Nonspecific inhibition of nitric oxide synthesis evokes endothelin-dependent increases in myocardial contractility

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Abstract

The role of endogenous nitric oxide (NO) in modulating myocardial contractility is still unclear, in part because of unknown, secondary effects of blocking NO release. We hypothesized that the nonspecific inhibition of nitric oxide synthase (NOS) enhances endothelin-1 (ET-1) effects, which can play a role in ET-A receptor-dependent myocardial contractile responses. The myocardial contractility was estimated from the slope of the left ventricular end-systolic pressure-diameter relationship in closed-chest, pentobarbital-anesthetized dogs. Group 1 (n = 7) was the saline-treated control, while in groups 2 (n = 7) and 3 (n = 7) N-nitro-l-arginine (NNA, 4 mg kg-1), a nonselective NOS blocker, was administered with or without pretreatment with the ET-A receptor antagonist ETR-P1/fl peptide (100 nmol kg-1 iv). Plasma ET-1, nitrite/nitrate (NOx) and blood superoxide levels were measured, and myocardial ET-1 content and xanthine oxidoreductase (XOR) activity were determined from myocardial biopsies. The infusion of NNA over 120 min decreased the plasma NOx, significantly elevated the plasma ET-1 and blood superoxide levels, and in parallel greatly increased the left ventricular contractility as compared with the untreated controls [47.5 vs 30 mm Hg mm-1]. The myocardial ET-1 content decreased simultaneously, while the XOR activity and blood superoxide level were significantly elevated. These effects, including NNA-induced positive inotropy, were significantly suppressed by pretreatment with ETR-P1/fl peptide. These results demonstrate that a diminished NO synthesis leads to a preponderant ET-1 effect, which increases myocardial contractility through an ET-A receptor-dependent mechanism.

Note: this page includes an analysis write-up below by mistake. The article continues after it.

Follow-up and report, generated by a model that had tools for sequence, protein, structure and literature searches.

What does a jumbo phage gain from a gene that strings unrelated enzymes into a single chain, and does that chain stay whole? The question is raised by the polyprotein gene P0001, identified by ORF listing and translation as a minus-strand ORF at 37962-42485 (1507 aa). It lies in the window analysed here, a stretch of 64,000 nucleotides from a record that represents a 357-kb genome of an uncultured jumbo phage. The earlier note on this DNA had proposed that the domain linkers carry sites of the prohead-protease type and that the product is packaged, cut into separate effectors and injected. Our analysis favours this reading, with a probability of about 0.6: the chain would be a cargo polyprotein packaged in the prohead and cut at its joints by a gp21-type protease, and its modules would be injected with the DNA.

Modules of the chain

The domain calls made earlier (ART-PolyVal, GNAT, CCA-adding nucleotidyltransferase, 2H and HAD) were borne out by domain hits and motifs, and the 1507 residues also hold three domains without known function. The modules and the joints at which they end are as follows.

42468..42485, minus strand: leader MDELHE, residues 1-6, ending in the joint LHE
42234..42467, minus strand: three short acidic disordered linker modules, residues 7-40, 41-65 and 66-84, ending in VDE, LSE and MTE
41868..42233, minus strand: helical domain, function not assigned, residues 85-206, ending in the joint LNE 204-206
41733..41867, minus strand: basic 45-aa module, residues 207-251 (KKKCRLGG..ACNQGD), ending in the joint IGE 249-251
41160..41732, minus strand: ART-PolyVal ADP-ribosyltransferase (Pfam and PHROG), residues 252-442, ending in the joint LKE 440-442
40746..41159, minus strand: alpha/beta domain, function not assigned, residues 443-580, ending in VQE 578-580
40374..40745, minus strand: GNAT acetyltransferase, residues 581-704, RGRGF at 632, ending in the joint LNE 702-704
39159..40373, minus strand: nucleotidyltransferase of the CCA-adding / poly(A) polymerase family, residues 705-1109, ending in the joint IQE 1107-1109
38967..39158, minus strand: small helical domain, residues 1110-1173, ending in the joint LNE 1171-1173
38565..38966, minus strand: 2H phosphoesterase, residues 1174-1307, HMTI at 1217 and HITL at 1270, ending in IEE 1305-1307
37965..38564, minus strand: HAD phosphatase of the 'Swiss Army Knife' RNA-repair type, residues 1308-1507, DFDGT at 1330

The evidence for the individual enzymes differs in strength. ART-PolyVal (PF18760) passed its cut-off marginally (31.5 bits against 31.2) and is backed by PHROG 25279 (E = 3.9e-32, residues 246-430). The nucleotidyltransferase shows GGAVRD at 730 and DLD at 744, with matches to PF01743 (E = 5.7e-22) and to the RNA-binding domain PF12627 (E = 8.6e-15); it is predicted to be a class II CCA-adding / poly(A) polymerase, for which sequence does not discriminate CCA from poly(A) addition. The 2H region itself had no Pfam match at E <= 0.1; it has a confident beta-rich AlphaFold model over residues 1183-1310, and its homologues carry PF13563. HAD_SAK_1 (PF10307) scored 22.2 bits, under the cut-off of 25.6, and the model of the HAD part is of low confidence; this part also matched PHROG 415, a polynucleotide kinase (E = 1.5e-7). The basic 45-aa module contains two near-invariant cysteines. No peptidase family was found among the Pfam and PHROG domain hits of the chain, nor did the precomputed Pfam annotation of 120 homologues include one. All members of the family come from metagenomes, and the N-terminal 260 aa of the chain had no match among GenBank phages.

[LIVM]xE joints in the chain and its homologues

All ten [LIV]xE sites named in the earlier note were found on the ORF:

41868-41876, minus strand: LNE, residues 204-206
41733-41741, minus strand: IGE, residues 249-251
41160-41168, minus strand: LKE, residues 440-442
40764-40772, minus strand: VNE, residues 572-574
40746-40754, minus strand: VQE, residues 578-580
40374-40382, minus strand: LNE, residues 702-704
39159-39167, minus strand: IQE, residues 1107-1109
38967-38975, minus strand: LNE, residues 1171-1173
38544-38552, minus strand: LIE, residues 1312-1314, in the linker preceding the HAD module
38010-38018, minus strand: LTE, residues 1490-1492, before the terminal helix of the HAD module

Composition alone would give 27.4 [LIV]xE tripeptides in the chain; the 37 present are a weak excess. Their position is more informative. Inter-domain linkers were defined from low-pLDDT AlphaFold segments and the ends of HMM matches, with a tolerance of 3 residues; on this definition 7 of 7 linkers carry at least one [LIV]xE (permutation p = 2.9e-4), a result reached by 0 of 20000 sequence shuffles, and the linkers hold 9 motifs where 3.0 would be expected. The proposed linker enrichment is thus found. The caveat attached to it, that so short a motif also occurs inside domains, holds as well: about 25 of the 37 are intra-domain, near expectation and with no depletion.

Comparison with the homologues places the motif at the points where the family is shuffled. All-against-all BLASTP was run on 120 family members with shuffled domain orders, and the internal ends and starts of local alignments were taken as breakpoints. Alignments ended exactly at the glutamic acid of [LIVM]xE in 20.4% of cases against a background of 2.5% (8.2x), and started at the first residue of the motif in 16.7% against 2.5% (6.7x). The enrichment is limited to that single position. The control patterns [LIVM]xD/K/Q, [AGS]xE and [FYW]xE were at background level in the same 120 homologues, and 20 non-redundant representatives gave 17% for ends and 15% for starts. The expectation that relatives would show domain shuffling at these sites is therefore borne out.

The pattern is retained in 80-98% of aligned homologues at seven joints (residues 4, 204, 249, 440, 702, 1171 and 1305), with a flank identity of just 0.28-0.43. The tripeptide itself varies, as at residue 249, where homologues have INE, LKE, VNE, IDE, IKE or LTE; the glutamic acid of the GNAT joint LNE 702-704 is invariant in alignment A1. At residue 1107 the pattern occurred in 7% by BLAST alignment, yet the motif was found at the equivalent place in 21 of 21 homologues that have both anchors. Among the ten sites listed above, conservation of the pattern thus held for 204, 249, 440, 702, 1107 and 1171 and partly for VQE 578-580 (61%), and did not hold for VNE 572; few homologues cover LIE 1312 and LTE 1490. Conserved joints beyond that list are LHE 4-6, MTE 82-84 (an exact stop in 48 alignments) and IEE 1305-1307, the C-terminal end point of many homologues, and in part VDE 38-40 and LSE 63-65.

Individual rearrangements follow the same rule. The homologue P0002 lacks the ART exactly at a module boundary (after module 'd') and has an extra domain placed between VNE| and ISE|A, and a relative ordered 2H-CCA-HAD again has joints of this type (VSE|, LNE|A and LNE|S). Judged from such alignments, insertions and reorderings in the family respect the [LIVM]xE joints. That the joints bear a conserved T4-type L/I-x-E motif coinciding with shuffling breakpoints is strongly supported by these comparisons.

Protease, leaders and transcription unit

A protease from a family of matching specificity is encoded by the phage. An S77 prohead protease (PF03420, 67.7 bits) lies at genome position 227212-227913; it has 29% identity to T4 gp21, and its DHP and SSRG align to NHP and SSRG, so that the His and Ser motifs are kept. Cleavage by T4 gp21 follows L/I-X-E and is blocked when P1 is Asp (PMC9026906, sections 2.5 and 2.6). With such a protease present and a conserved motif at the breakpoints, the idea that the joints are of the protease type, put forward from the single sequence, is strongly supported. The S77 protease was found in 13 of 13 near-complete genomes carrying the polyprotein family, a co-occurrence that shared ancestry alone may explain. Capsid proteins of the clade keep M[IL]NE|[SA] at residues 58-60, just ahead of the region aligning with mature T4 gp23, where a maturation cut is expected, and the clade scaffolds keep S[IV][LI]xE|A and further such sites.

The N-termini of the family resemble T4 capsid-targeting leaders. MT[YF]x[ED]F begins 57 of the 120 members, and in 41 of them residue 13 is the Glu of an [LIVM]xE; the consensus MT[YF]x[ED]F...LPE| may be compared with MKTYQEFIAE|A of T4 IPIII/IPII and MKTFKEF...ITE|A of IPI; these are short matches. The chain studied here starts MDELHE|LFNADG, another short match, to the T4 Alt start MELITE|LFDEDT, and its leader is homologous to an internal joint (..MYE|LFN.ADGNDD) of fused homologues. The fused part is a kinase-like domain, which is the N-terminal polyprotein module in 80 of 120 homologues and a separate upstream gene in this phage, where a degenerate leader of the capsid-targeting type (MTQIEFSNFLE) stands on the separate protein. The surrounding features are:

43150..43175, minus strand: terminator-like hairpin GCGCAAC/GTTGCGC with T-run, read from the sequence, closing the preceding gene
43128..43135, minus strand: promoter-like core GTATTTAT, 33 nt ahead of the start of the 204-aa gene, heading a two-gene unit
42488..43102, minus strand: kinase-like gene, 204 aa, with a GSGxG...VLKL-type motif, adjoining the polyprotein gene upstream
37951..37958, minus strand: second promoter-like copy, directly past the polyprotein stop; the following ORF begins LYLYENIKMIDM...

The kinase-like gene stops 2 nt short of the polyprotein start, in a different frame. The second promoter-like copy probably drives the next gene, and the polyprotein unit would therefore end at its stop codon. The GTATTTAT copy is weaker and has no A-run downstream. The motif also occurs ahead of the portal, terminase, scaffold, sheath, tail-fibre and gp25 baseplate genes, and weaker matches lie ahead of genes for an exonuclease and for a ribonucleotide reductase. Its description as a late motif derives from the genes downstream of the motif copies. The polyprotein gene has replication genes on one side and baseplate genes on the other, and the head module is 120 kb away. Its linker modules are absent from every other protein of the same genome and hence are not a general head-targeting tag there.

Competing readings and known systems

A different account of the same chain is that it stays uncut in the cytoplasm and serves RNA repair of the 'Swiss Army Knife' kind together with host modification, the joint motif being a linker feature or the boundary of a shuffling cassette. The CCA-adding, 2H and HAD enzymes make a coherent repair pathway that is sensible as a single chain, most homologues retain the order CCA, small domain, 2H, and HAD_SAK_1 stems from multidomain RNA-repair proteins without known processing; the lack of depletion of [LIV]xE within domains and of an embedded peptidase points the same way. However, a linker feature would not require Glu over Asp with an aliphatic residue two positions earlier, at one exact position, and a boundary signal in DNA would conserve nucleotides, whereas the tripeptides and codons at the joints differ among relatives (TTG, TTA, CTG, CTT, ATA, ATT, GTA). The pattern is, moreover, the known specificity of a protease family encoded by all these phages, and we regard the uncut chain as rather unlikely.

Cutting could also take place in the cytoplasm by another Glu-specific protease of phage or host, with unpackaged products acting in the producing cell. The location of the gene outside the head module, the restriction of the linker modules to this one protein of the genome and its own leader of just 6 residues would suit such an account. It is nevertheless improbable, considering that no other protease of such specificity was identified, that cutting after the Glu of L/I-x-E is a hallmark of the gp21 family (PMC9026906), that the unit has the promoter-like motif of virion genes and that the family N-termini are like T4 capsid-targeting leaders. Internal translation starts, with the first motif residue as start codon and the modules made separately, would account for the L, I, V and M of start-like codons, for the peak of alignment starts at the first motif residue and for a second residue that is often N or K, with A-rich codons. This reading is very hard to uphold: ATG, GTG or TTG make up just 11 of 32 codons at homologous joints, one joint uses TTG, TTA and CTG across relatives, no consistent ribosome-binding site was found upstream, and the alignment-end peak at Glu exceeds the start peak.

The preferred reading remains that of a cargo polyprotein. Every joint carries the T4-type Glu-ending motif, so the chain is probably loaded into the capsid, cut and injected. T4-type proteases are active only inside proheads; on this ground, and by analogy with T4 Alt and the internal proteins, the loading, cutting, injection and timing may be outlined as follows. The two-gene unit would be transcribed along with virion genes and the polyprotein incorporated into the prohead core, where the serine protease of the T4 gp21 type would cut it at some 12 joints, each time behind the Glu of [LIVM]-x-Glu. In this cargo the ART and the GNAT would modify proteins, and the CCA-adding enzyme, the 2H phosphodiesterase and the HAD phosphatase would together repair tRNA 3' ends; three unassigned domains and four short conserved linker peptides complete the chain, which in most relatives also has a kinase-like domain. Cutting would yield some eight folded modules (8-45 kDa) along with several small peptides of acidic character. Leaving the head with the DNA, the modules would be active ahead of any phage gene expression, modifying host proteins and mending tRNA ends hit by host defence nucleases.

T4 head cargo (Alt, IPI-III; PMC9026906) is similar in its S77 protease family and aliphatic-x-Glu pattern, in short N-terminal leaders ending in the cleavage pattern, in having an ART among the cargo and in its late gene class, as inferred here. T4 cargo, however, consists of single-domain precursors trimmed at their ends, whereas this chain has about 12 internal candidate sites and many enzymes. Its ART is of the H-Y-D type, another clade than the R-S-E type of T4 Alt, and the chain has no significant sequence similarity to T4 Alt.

Original languageEnglish
Pages (from-to)201-209
Number of pages9
JournalNitric Oxide - Biology and Chemistry
Volume21
Issue number3-4
DOIs
Publication statusPublished - Dec 15 2009

Fingerprint

Endothelins
Endothelin-1
Nitric Oxide
Superoxides
Xanthine Dehydrogenase
Blood
Plasmas
Nitric Oxide Synthase
Peptides
Biopsy
Pentobarbital
Nitrites
Nitrates
Arginine
Thorax
Dogs
Blood Pressure

Keywords

  • Endothelin-1
  • Endothelin-A receptor
  • Myocardial contractility
  • Nitric oxide synthase
  • Superoxide
  • Xanthine oxidase

ASJC Scopus subject areas

  • Biochemistry
  • Clinical Biochemistry
  • Cancer Research
  • Physiology

Cite this

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title = "Nonspecific inhibition of nitric oxide synthesis evokes endothelin-dependent increases in myocardial contractility",